Creating digital magic in new museum experience is no simple trick
By The Exhibit Design Team
When the History Center’s core exhibit opens in the new museum, library and archives, visitors will see many of the best-known items in our collection, from the A-frame Ammonia Compressor and Conestoga Wagon to the Weaver Player Piano and the 1916 Pullman Deluxe Opera Car. Next to these large items will be a series of digital interactive exhibits to encourage visitors to dive deeper into the artifacts, images and stories in York County history.
History Center staff and team members from the Richard Lewis Media Group (RLMG), a digital design studio that specializes in services for museums, have spent several years developing the digital elements that will accompany these prized pieces. To give you a sense of the complexity of this work, we’re taking you behind the scenes on the creation of the digital content that will accompany one of the six artifacts that were animated for this interactive kiosk, the horse-powered treadmill.
Coming up with an interactive idea
When exhibit developers and museum staff design a gallery, part of what they must decide is how to display historic objects and where to place digital screens. This rendering of the Energizing York County area of the exhibit shows the objects selected for display, including the large horse treadmill on the left. The small light blue rectangle in front of the treadmill is a digital touchscreen. The History Center tasked RLMG, the audio-visual exhibit producer on this project, with developing a digital interactive exhibit for that screen.
Building an engaging and user-friendly digital experience involved a team of experts, including a content developer, graphic designer, illustrator, animator, audio editor, and a programmer. By applying their creative and technical skills to this task, the RLMG team developed delightful animations of each object on display, including for the horse treadmill. – Cici Clark, RLMG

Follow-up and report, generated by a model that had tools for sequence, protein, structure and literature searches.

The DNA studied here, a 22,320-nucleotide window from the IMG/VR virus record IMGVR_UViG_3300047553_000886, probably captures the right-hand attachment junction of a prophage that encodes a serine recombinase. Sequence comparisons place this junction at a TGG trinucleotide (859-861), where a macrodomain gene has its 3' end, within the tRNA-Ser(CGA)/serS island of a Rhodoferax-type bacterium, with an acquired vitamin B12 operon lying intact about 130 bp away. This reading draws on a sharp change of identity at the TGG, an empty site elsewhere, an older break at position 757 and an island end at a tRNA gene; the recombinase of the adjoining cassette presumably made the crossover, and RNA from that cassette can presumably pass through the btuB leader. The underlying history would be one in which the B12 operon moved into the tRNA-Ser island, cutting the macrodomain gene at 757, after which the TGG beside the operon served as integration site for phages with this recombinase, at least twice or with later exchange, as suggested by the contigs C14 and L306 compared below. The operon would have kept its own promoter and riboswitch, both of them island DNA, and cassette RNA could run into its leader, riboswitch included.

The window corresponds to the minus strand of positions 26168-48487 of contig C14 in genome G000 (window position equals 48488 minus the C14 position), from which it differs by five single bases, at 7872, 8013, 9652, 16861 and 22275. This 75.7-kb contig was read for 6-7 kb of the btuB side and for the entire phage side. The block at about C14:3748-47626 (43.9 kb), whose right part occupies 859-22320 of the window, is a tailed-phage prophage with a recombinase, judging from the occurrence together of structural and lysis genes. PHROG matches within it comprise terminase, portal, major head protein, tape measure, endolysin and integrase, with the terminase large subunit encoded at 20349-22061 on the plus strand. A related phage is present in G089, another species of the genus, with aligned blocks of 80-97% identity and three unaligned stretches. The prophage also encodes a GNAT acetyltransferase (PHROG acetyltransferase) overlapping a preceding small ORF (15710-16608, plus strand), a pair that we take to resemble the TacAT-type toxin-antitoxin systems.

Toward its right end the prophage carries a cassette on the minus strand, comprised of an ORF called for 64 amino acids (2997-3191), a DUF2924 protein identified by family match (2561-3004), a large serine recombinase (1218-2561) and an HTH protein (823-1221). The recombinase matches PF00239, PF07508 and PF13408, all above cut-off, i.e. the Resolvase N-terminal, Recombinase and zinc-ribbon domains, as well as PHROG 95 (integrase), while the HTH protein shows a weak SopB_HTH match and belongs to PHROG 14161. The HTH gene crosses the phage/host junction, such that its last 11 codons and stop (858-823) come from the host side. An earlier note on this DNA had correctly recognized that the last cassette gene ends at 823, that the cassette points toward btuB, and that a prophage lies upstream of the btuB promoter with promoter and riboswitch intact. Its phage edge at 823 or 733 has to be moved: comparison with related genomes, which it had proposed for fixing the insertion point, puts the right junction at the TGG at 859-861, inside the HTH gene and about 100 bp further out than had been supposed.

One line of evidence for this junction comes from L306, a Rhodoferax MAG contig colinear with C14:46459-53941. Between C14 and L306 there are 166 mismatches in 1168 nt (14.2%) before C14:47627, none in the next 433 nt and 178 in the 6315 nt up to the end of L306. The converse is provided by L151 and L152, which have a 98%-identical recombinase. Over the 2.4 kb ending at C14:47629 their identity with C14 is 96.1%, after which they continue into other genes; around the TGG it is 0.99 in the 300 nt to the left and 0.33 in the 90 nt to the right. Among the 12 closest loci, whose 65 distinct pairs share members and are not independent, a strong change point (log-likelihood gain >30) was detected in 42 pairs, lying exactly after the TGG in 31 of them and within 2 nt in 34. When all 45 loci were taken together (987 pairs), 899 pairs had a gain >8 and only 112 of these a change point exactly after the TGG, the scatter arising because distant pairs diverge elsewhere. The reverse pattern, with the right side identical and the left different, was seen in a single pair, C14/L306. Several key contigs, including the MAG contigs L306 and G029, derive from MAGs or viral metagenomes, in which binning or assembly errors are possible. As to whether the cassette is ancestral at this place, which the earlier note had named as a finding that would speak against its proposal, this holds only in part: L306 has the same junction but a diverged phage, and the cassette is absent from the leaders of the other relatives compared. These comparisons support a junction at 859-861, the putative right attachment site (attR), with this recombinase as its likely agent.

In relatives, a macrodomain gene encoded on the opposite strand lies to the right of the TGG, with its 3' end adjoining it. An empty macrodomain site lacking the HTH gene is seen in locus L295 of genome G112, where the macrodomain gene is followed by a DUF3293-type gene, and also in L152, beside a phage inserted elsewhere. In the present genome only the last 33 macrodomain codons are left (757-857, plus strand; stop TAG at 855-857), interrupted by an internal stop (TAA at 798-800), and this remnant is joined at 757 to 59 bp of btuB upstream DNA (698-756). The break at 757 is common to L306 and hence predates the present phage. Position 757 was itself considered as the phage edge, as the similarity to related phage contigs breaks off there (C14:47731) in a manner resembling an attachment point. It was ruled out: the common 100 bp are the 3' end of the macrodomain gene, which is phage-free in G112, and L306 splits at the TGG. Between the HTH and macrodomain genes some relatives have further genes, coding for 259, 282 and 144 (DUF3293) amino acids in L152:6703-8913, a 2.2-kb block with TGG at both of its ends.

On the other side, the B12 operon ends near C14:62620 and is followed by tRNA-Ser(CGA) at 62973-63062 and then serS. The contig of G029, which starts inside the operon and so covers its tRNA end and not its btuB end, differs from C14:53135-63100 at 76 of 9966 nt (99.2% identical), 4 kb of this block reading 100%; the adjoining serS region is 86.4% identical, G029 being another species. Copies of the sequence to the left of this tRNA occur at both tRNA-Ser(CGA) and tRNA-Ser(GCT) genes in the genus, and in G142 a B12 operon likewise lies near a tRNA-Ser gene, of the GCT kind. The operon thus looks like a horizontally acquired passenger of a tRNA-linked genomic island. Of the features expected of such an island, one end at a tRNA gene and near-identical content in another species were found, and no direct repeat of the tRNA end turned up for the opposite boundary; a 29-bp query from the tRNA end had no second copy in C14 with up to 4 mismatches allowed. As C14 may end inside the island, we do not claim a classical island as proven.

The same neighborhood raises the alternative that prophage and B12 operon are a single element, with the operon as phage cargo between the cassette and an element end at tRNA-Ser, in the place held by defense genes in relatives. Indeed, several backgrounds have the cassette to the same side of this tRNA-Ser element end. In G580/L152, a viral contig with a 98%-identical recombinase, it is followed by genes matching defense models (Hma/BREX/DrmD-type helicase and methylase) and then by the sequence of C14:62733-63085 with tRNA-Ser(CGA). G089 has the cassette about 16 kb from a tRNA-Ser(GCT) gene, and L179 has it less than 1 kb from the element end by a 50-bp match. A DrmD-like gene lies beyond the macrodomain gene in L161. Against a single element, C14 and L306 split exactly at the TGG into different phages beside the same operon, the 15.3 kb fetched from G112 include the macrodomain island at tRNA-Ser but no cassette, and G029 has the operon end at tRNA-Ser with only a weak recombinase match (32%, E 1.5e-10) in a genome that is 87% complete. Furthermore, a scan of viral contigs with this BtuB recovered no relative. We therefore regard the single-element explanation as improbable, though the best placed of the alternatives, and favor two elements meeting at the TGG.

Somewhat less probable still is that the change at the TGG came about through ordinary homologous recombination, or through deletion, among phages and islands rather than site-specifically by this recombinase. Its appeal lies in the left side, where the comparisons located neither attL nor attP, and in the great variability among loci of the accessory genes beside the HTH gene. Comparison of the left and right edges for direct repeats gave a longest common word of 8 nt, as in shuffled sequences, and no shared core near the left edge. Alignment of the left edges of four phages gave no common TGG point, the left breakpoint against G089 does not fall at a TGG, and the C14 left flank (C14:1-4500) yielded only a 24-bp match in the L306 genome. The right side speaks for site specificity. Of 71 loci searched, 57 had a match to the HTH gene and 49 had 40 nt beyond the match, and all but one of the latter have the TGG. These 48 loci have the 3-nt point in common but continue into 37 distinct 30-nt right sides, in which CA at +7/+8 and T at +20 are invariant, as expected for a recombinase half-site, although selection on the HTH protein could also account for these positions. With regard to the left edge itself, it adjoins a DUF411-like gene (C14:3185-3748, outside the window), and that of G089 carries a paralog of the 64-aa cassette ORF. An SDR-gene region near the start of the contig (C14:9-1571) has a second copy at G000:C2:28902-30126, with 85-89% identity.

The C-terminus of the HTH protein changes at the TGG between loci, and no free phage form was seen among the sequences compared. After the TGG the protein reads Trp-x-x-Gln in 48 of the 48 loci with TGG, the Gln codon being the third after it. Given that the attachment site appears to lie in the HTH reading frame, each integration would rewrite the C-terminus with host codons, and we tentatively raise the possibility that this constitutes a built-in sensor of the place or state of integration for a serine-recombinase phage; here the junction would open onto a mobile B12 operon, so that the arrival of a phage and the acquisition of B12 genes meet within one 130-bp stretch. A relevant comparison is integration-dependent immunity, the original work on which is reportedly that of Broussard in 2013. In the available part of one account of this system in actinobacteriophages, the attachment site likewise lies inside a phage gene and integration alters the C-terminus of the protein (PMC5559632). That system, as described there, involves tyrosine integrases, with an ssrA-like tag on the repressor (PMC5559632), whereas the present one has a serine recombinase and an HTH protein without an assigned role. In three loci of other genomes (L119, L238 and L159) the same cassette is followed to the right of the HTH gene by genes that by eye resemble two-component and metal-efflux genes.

Assembling the animation elements
Once the History Center team approved RLMG’s design approach for the Energizing York digital interactive, the next step was to find suitable archival reference images for each of the objects. For the horse treadmill, an archival drawing from a Pennsylvania agricultural works catalog provided inspiration. Using that reference image on the right, RLMG’s illustrator first hand-drew the treadmill on paper before importing the sketch into an editing program. Then, using a digital pen and tablet, she carefully traced the sketch to create the illustration on the left. The entire process required careful organization and planning. To support the animation stage of the process, the illustrator needed to draw each element, including the cart, wheels, belts, rollers, cables, and stool on individual layers before handing them off to the animator to add motion. – Cici Clark, RLMG
Bringing the artifact to life
Animation adds a touch of whimsy and delight to a digital exhibit but involves a good deal of coordination and planning. Before the animation work began, RLMG’s animator sourced a video of a walking horse from a stock video site and transformed the file into a silhouette. The animator then coordinated the movement of the illustrated treadmill parts to match the horse’s gait, or walking pattern. A technical challenge was to create the shortest loop possible that synced the movements of the horse and the machine. A shorter animation loop results in a smaller file size, which is better for programmers. The RLMG team also decided to add an audio track. The team combined sounds of a working horse treadmill found online with sound effects from RLMG’s internal audio library. The overall effect of the illustration, animation and audio not only provides a touch of fun but also helps bring the archival object to life. – Cici Clark, RLMG
Seeing the treadmill on archival film
In addition to animated drawing of the treadmill, this digital exhibit features film footage of an actual horse treadmill in operation (see the video below). The footage is from the History Center archives. Local amateur filmmakers Charles and Carrye Noss shot the footage in the 1950s at a demonstration of early farming equipment. The horse treadmill was selected for the Energizing exhibit in the new museum because it shows an important transition in power generation from people power to animal power, which improved efficiency in agriculture. A horse would walk on the treadmill, turning a belt that would power another machine, such as a grain thresher. When steam engines were developed in 19th century, the energy output was measured in “horsepower,” a term with which everyone at the time would have been familiar. – Nicole Smith, Director of Library and Archives